Canadian Payroll Reporter

August 2015

Focuses on issues of importance to payroll professionals across Canada. It contains news, case studies, profiles and tracks payroll-related legislation to help employers comply with all the rules and regulations governing their organizations.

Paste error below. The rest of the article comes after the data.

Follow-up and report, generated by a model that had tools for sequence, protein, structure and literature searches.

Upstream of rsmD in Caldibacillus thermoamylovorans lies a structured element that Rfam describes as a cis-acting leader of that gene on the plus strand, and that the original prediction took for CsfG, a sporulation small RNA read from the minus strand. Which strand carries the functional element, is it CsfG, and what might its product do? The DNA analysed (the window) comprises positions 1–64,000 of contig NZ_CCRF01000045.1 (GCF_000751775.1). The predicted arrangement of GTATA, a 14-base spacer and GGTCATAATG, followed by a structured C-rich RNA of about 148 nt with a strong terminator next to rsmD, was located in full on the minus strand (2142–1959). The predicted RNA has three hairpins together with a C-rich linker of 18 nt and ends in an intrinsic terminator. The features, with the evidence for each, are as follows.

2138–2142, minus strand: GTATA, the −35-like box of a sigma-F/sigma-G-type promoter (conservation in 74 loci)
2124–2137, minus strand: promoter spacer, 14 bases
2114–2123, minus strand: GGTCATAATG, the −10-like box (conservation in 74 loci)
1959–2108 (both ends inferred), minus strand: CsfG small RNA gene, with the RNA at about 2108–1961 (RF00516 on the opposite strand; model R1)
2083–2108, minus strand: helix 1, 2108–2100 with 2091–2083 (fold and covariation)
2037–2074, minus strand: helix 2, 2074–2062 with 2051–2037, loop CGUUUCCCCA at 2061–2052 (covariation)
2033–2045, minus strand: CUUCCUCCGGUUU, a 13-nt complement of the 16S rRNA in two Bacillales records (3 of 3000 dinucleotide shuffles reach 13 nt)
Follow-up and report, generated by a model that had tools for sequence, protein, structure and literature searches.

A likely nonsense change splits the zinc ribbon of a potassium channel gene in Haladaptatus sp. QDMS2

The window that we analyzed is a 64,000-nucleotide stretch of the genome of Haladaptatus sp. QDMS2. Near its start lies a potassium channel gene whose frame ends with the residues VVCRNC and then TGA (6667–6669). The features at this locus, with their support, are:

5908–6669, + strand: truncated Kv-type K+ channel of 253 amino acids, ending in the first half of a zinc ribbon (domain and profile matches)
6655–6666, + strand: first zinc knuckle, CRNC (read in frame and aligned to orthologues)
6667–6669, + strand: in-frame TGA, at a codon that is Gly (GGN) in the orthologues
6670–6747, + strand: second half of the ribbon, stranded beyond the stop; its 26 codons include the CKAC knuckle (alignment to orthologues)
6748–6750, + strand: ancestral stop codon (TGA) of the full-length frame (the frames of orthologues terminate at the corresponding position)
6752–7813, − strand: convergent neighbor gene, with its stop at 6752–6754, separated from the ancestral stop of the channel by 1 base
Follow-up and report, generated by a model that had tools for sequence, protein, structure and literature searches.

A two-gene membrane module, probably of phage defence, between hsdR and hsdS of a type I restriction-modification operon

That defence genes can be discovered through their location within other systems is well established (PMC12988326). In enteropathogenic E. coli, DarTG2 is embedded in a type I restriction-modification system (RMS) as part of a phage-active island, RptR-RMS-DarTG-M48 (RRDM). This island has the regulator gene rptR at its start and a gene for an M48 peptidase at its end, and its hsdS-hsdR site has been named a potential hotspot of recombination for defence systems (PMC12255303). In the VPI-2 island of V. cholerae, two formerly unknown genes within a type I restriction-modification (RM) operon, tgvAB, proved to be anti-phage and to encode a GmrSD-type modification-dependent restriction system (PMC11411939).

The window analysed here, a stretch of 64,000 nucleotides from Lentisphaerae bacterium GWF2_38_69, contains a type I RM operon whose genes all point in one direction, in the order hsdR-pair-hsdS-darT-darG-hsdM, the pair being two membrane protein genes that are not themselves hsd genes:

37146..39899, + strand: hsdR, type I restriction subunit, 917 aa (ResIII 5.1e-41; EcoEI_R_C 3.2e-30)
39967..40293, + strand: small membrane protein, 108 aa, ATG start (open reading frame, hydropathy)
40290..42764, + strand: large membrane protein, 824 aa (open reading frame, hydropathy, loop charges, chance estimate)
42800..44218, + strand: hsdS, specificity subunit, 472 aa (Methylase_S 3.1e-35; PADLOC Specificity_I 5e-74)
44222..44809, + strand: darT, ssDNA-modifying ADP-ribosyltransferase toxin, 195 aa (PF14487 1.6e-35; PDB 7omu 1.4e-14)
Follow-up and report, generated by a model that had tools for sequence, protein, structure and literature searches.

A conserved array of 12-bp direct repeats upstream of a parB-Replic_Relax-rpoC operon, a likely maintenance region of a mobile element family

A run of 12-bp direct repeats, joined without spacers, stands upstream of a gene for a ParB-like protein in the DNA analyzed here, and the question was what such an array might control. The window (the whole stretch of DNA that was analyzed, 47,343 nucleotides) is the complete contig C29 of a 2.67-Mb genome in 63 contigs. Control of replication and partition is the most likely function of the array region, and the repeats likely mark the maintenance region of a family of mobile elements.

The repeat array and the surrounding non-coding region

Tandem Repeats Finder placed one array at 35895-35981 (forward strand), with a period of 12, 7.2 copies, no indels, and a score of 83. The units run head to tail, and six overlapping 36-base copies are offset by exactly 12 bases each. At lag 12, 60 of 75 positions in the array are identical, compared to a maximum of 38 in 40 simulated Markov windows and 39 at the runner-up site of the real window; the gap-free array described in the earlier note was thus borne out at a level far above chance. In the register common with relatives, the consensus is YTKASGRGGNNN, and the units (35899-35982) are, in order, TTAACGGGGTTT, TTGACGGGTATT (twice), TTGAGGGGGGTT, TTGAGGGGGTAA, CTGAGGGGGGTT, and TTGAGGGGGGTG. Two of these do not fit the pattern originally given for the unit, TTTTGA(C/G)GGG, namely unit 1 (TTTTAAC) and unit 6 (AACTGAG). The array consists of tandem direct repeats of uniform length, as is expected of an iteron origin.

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News Published 12 times a year by Thomson Reuters Canada Ltd. Subscription rate: $179 per year Customer Service Tel: (416) 609-3800 (Toronto) (800) 387-5164 (outside Toronto) Fax: (416) 298-5106 E-mail: carswell.customerrelations @thomsonreuters.com Website: www.carswell.com One Corporate Plaz 2075 Kennedy Road Toronto, Ontario, Canada M1T 3V4 Director, Carswell Media Karen Lorimer Publisher John Hobel Associate Publisher/Managing Editor Todd Humber Editor Sheila Brawn sbrawn@rogers.com Lead Editor Sarah Dobson Assistant Editor Mallory Hendry (on leave) Assistant Editor Anastasiya Jogal Marketing Manager Mohammad Ali mm.ali@thomsonreuters.com (416) 609-5866 Circulation Co-ordinator Keith Fulford keith.fulford@thomsonreuters.com (416) 649-9585 Payroll Reporter Can R Can R adian adian a www.payroll-reporter.com ©2015 Thomson Reuters Canada Ltd ISBN/ISSN: 978-0-7798-2810-4 All rights reserved. No part of this publication may be reproduced, stored in a retrieval system or transmitted, in any form or by any means, electronic, photocopying, recording or otherwise without the written permission of the publisher (Carswell, a Thomson Reuters business). Return Mail Registration # 1522825 | Return Postage Guaranteed Paid News Revenue Toronto Canadian Payroll Reporter is part of the Canadian HR Reporter group of publications: • Canadian HR Reporter — www.hrreporter.com • Canadian Occupational Safety magazine — www.cos-mag.com • Canadian Payroll Reporter — www.payroll-reporter.com • Canadian Employment Law Today — www.employmentlawtoday.com • Canadian Labour Reporter — www.labour-reporter.com See carswell.com for information August 2015 | CPR Alberta looking at changes to overtime pay having full coverage under the ESA overtime pay provisions," the Centre's report says. It adds that this affects low-income workers even more, with only 29 per cent fully covered by the Act's overtime rules, compared with 69 per cent of middle-in- come and 71 per cent of higher- income employees. "Low-income workers such as residential care workers, farm workers, swimming pool installers, and landscapers are just some of the workers fully ex- cluded from overtime premium pay," the report notes. It also calls on the government to eliminate overtime averaging provisions in the ESA. Averaging allows employers and employees to enter into written agreements to average hours of work over periods of two or more weeks to calculate overtime pay. "Workers have little bargain- ing power to negotiate overtime agreements," the report says. "Averaging overtime over an ex- tended period enables employ- ers to not only schedule workers for excessive overtime, but to do so without paying them time and a half after working 44 hours in a week." Alberta changes Alberta is also considering em- ployment standards changes. Last year, the Ministry of Jobs, Skills, Training and Labour launched a review of the prov- ince's Employment Standards Code. It asked for public feed- back on a number of issues, in- cluding paying overtime after eight hours of work per day or 44 hours of work per week, special overtime rules for certain indus- tries and overtime agreements that allow employees paid time off in lieu of overtime pay. The Alberta Federation of Labour (AFL) recommended changes to overtime rules. In its submission to the review, the AFL advocated for overtime pay after 40 hours of work per week instead of 44. It also called for employers to pay double time when employees work more than 12 hours a day, as required in British Columbia. The organization also spoke out against any plans to allow employers to average hours over a period of weeks. "The demand for averaging overtime hours over a period of weeks allows the employer to cover busy times by balancing with slower weeks and avoid overtime premium pay," it said in the submission. "What it accomplishes is to ensure the worker receives fewer wages over the time period than if weekly or daily overtime provi- sions were in place. The worker does not receive premium for the busy week, when the extra work may create home life bur- dens such as child-care arrange- ments, missing activities, and a lack of rest and sleep," it said. With a change in government in Alberta, it is too early to know if or when there will be any over- time changes, says Jay Fisher, a public affairs officer with the ministry. from ONTARIO on page 6 Workday that has more payroll technology now than they have in the past or you see things like SAP Employee Central pushing hard on the payroll capabilities that technology has. The same with Oracle PeopleSoft," he says. Even if the payroll system is not changing, it will have to be integrated with a new HRMS, DiClaudio says. "The payroll integration is also incredibly vital to the success of not only the payroll technology, but the HR technology as well." To be successful, he says it is important organizations take a holistic approach that looks be- yond merely implementing a new system for HR and brings in other key players, such as payroll. Results from this year's survey show that 30 per cent of respon- dents — what the survey calls an "all-time high" — plan to replace their core HR system in 2015. And many of these organiza- tions — 40 per cent) — are look- ing to move from an in-house system to SaaS, the survey says. "SaaS has absolutely emerged as the platform for organiza- tions," says DiClaudio. "Our pre- diction... is that it is going to be the de facto technology delivery model in the next few years; and in, arguably, five to 10 years, it will have really taken hold, not just in HR, but in payroll and fi- nance and supply chain as well." When it comes to mobile platforms and SaaS in the work- place, DiClaudio says employees are increasingly expecting "con- sumer grade" services from their employer. "I should be able to submit my timesheet the same way I would book a flight, using my mobile device, or the same way I would buy a book on Amazon or I would read an email," he says. Despite the interest in work- place technology, the survey found a wide gap between the level of satisfaction with HR technology and the extent to which organizations still use paper to carry out certain HR tasks. For instance, although 79 per cent of respondents say the technology they use for core compensation activities is effec- tive, 47 per cent continue to use paper for this task. "I don't think you will find many companies that are com- pletely beholden to their paper processes. I think what you will find are companies that feel that they can't get out from under- neath it," says DiClaudio. "Either they can't find a tech- nology that meets their financial limitations or constraints or they can't find a technology they feel comfortable is going to be able to meet their business require- ments." from TECH on page 3 Paper still popular